The bloggers responsible are Myra Garces-Bacsal, an Assistant Professor and clinical psychologist who does extensive work with the gifted; Fats Suela, a B.A. in Psychology, “nomad at heart,” and fabulous book reviewer; and Iphigene Daradar, a managing consultant, pyschometrician (I had to look this up), and counselor-in-training. These three have reviewed and commented in depth on hundreds of books. Many kudos for that!
The blog is organized into sections consisting of book reviews of all types (with new reads on Mondays and Saturdays), Filipino Lit, Nonfiction for Adults, Picture Books, Young Adult Lit, and more… Visitors interested in finding a good read can navigate these sections, read the reviews, view scans of illustrations, and comment on the books after reading. Continue reading
Over the past several weeks, we have tuned into various aspects of immigration. This week, we want to turn our attention to one of the grittier aspects of transition: the journey. For many who cannot migrate to the United States “legally” for one reason or another, this means they must endure a long, arduous, dangerous journey that can include violence, dangerous modes of travel, and surviving the dessert. Many do not survive this journey. However, what is important to note is that men, women, and youth make this journey. Yes, youth. Youth migrants are often ignored in mainstream discussion on immigration, when many young people come to the United States via the same mode of travel as their other family members and face similar hardships. Thus, we turn to Will Hobbs’s Crossing the Wire, a book that focuses on a young Mexican immigrant’s journey to the United States. Continue reading
Laura Resau’s Office – image from the Ocean in a Saucer blog.
For my next few blog posts, I decided to feature other, unique blogs dedicated to Latin American young adult literature. Laura Resau’s blog is called Ocean in a Saucer because writing novels, to Resau, feels like “trying to fit a raging, deep, sparkling, infinite thing like the ocean” into a saucer.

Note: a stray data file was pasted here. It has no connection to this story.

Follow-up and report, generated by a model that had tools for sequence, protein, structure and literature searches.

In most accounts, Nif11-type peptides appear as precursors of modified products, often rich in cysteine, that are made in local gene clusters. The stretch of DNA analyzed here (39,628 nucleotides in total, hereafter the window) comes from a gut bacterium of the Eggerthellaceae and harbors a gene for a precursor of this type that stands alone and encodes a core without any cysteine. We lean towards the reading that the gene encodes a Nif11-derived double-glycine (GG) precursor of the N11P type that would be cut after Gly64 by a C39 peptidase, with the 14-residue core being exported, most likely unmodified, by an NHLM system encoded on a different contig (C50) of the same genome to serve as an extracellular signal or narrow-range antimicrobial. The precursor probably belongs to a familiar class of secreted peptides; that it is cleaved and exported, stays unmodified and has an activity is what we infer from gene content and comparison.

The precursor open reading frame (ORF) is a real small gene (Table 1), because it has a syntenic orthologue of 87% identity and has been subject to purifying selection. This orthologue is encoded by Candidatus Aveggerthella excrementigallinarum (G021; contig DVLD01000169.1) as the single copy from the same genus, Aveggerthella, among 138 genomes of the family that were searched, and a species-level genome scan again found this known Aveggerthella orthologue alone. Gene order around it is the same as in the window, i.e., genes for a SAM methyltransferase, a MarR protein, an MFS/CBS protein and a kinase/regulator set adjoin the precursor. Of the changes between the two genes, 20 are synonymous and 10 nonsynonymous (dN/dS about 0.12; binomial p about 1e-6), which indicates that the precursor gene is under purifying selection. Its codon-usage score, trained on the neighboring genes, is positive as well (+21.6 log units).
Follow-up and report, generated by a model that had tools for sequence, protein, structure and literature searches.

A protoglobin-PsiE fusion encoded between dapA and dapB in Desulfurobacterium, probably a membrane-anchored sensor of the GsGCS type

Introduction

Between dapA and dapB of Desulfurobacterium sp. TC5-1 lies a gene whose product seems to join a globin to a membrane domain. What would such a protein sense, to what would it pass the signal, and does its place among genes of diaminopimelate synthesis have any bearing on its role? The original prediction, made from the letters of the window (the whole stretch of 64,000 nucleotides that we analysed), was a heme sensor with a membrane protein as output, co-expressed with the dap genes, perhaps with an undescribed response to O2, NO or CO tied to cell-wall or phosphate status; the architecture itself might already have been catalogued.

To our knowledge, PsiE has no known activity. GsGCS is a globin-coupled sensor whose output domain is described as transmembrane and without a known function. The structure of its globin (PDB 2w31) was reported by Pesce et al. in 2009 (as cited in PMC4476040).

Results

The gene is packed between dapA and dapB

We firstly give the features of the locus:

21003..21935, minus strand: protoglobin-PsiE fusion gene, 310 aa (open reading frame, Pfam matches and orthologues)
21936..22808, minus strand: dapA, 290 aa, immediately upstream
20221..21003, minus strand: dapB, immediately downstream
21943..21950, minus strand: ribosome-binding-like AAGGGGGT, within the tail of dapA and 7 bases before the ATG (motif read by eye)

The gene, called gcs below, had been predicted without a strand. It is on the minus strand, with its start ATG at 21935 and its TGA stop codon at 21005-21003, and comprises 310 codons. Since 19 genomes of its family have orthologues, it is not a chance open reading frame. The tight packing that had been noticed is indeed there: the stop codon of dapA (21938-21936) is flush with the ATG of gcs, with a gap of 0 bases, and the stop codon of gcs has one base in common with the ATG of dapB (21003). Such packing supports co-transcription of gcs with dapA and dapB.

In case it wasn’t obvious from this imaginative quote, Resau is an extremely thoughtful, interesting person. Her background is in cultural anthropology and ESL-teaching. She has lived and traveled in Latin America and Europe, which has inspired her books. She has taught English in the Mixtec region of Oaxaca, and she donates royalties to indigenous rights organizations in Latin America.
This blog is just cool. I visited looking for lesson plans and was quickly sidetracked by the apparently awesome life of a writer. Resau has been typing out her masterpieces in a whimsical trailer/writer’s pad (complete with butterflies, bells, trapeze outfits, and an altar with the Virgin of Juquila), visiting amazing places like Portugal, and meeting (and no doubt, inspiring) the students that read her books. Continue reading
We all know that the subject of immigration is deeper than it would appear on the surface. While many people immigrate for a better job or a better future for their families, there are many problems facing the typical immigrant. We see this on the news as people fight to “secure our borders,” while others fight for immigrant’s rights. But what about those who immigrate and their families? What is it like to be an immigrant? Not only does uncertainty face those who immigrate, but it faces the families of those who come to the North as well. This week’s book, Bettina Restrepo’s Illegal, puts immigration into this realistic context.